"We met in the attorney's office, and they looked so young to me, and I was like 'Wow, do you know what you're getting yourself in for?'" said the private investor, who spoke on the condition of anonymity and called Wilton a small-scale, Rochester version of Donald Trump. "But you could tell from the beginning that Lyjha had a dream and he was going to follow that and he was going to make something happen."
 
Fairly soon after that, Wilton went back to the financer, who since has worked with him on 25 deals.
 
Wilton said he recognized "the angel that I had found."
 
"I saw the opportunity that I had with her, and I went on a shopping spree," he said. "I was closing on multiple houses a month within a year. I grew so quickly in my mid- to late 20s that there was a time when I was 10 projects deep, because I was also swinging the hammer at the time, fixing them up, renting them out-I was doing everything."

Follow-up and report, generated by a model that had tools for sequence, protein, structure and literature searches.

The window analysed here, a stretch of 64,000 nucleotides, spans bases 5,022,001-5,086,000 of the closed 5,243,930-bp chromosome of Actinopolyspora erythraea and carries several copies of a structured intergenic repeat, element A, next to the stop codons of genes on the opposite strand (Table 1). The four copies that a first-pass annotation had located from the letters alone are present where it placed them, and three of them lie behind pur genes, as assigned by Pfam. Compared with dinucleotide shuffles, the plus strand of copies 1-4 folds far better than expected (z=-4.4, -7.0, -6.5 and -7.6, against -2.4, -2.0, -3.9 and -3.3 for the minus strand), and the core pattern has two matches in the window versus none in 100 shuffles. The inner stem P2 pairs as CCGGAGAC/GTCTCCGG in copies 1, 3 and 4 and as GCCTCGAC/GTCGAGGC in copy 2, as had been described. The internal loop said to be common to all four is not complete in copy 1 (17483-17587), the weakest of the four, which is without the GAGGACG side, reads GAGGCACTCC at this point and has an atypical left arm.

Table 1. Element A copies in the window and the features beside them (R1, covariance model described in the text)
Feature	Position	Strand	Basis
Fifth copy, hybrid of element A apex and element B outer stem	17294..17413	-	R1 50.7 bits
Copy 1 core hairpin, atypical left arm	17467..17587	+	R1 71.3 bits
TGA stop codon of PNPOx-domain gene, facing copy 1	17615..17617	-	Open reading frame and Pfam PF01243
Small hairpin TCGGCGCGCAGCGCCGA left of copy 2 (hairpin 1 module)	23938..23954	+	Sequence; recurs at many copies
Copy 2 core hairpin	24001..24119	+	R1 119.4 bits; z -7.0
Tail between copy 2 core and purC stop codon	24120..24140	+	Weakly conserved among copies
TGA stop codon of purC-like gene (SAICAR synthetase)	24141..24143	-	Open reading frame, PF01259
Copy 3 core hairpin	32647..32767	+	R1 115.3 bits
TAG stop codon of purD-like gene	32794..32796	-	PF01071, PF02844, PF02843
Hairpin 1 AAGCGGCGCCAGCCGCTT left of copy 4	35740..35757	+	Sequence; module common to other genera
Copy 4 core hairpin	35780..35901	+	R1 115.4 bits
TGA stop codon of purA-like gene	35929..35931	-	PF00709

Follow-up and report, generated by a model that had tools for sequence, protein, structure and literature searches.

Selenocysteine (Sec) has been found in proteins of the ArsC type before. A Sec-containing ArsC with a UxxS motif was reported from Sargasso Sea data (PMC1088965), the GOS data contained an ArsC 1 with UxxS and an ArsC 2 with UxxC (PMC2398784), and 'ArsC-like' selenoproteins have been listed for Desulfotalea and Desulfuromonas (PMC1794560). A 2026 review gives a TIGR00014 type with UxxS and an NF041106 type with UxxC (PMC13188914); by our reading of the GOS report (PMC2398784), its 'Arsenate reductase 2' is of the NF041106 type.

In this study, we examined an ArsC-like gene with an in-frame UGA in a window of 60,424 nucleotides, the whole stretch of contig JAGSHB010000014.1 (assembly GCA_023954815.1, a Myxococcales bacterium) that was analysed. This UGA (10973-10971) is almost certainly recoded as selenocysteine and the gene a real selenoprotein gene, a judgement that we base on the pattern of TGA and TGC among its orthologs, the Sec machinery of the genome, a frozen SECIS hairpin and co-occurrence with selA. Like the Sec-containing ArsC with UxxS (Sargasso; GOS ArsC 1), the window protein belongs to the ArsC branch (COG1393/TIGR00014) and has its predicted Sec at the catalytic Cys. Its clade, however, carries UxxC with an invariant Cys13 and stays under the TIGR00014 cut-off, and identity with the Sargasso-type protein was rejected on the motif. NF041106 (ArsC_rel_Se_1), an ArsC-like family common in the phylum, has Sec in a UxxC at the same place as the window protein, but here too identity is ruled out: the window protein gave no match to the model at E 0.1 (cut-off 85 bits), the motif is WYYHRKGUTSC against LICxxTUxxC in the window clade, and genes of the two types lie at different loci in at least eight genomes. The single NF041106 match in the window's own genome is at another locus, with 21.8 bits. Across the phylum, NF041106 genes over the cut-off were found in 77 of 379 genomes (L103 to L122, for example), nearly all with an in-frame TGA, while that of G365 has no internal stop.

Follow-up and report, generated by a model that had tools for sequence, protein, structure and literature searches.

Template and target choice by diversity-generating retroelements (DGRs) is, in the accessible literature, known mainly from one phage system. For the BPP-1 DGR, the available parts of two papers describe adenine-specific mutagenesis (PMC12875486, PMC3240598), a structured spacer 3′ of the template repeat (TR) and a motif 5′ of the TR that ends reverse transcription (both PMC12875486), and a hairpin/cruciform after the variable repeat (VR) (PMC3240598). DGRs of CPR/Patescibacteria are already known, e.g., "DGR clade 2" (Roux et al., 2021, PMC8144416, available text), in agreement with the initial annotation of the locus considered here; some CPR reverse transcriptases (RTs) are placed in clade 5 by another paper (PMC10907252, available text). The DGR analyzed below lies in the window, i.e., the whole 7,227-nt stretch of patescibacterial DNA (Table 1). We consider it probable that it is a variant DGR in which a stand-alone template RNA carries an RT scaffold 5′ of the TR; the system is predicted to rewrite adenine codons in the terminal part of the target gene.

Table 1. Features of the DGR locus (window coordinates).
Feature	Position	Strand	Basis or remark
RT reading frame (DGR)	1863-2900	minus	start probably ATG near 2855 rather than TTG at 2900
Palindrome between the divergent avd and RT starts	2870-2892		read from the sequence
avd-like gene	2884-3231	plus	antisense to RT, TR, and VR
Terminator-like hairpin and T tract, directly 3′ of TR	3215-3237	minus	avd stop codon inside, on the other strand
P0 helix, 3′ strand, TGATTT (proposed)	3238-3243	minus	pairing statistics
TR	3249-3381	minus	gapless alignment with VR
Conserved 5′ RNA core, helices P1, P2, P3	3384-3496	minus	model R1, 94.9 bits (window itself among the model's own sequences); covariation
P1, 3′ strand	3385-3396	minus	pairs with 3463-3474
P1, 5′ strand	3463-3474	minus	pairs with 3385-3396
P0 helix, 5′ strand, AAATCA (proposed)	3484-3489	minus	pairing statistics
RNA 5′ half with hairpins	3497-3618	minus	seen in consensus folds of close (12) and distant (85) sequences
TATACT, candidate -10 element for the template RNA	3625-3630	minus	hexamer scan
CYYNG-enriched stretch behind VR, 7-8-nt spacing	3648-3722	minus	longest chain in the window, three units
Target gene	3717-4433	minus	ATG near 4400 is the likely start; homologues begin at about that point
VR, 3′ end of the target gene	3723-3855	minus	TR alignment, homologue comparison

He bought properties in the Maplewood neighborhood, which he eventually sold, and then stumbled upon the South Wedge.
 
"I had no previous knowledge of what it was," Wilton said, adding it was the South Wedge Planning Committee that drew him to that area. "I realized that there is really a strong force with passionate people that are driving this, and I said that is a major benefit to a neighborhood.
 
"If there's a group, a formed group that has history, that has funding, that has structure and their sole purpose is to improve this neighborhood, that's a driving force."

South Wedge fever
The committee's work to build a sense of community among neighborhood residents has worked in its favor. The neighborhood association, with help from residents and business owners such as Wilton, has developed the area into a destination for new businesses and residents alike.
 
Robert Boyd, former executive director of the committee, said the group collaborated with Wilton on several projects.